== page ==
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General Election: Final day of campaigning as leaders scramble for votes
11 December 2019, 05:41
With the latest poll suggesting a slim Tory majority, Labour will make a final appeal to undecided voters, but it's all to play for on the last day of election campaigning.
Tory leader Boris Johnson will be trying to win "every vote" as the election campaign reaches it's final stages, with just one day to go until the polls open.
Party leaders will criss-cross the country as they try to appeal to voters with just 24-hours to go.
Labour's Jeremy Corbyn will say a vote for his party is a "vote for hope", while Boris Johnson will reinforce his key message as he appeals for votes from Leavers, he will say the Tories are the only party who can "get Brexit done."
Jo Swinson will tell voters her party are the only ones who will stop the UK exiting the EU, by cancelling Article 50 and stopping Brexit, a key Lib Dem campaign pledge.
The final day of the six-week election campaign comes shortly after a fresh poll has suggested a hung Parliament could still be possible, even though the YouGov poll suggested the Conservatives are on course for a 28 seat majority.
With concerns in Westminster over the impact of tactical voting, and polling having a natural margin of error, the battle to win votes is far from over.
On Tuesday the Prime Minister was speaking at an event in Staffordshire where he warned there was a "sophisticated and well-financed attempts underway to prevent a Conservative majority through tactical voting."
YouGov's s constituency-by-constituency poll analysed more than 100,000 voter interviews over the past week.
The poll puts the Conservatives on course to win 339 seats, up 21 seats compared to the last general election in 2017.
Labour is down 31 to 231 seats, the SNP up six to 41 seats, and the Liberal Democrats up three to 15 seats.
A 28-seat majority would be the best Tory result since Margaret Thatcher's showing in 1987 - but it is down from the sizeable 68-seat victory that the same YouGov-style poll had been predicting only two weeks ago.
Chris Curtis, YouGov's political research manager, said: "The margins are extremely tight and small swings in a small number of seats, perhaps from tactical voting and a continuation of Labour's recent upward trend, means we can't currently rule out a hung parliament."
The result will be a worry to Mr Johnson as he prepares for a final blitz across the country as the campaign enters its final full day, with Tory gains off Labour reduced from 44 to 29 since the November 27 findings.
The Tory leader told journalists at an event at JCB's Cab Manufacturing Centre in Staffordshire he was "absolutely not" guaranteed victory on Thursday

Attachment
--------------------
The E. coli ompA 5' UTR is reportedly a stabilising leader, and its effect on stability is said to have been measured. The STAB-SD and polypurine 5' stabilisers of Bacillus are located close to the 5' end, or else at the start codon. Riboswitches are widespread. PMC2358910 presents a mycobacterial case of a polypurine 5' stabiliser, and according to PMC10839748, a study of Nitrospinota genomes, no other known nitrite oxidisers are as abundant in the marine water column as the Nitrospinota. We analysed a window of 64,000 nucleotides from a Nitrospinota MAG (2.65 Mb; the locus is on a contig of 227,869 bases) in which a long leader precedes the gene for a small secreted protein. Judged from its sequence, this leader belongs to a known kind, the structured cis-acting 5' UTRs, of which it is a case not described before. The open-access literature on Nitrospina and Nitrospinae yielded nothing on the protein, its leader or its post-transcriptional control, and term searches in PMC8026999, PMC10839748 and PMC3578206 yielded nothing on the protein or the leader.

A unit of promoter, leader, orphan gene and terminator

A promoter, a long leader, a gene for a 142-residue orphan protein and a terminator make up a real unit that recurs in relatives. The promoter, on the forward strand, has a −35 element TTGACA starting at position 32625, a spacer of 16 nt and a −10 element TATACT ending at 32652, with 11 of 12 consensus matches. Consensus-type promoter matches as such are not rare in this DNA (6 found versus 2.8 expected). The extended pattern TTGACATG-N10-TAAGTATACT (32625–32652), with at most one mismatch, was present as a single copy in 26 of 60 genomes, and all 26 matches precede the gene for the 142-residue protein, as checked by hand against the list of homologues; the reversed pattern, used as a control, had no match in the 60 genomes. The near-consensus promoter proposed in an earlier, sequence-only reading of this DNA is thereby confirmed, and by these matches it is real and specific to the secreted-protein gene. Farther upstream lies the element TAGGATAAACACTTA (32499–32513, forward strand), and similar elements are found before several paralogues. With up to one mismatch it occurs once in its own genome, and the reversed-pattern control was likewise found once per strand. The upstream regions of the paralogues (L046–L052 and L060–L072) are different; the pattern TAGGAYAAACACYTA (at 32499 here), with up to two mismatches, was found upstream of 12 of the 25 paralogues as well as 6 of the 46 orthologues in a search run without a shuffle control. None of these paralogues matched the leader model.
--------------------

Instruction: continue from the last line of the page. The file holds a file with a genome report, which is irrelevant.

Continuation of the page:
"This is a very close-fought election and we need every vote," he said.
Mr Johnson will spend the final day of campaigning in Labour marginals in Yorkshire, the Midlands and Wales, before finishing the day with a rally near London.
While the polls have improved for Jeremy Corbyn's Labour Party, the haul of 231 seats would mean a loss of 31 seats compared to 2017's outcome - its worst result since the 1980s.
According to YouGov, Labour could be set to make two gains, toppling a Cabinet minister by taking Chipping Barnet, the constituency currently held by Environment Secretary Theresa Villiers.
Foreign Secretary Dominic Raab is in trouble to the Liberal Democrats in Esher and Walton, while former Tory leader Iain Duncan Smith in Chingford and Woodford Green is clinging on by only two points against Labour, the poll result indicates.
Putney could also go red but YouGov continues to predict a tough time for Labour in its heartlands in the North and Midlands.
Veteran MP Dennis Skinner's Bolsover seat could be taken by the Tories, as could constituencies such as Great Grimsby, a Leave-voting town represented by Labour since the Second World War.
The SNP would win 41 seats - up by six - and the Liberal Democrats 15 if the prediction bears out.
Plaid Cymru would hold onto its four constituencies and the Green Party its one, while Nigel Farage's
Brexit Party would finish the election empty-handed, polling predicts.
The poll comes a day after Shadow health secretary Jon Ashworth said he was "stitched-up" by a Tory-supporting friend after his comments calling Labour's election chances "dire" were leaked.
Mr Ashworth was recorded saying the situation facing Labour was "abysmal" because voters "can't stand Corbyn" and think the party has "blocked Brexit".
He told LBC during an evening phone-in on Tuesday that he had been "taking the p***" with his friend.
The senior opposition figure said he thought the recording had been planned and that he'd been "stitched-up like a kipper".
His leader Mr Corbyn said the health spokesman had his "full support" but refused to commit to keeping him in his top team after the election was over.
Mr Corbyn is expected to tour the Midlands and Yorkshire on Wednesday in a final attempt to deny the Tories an overall majority.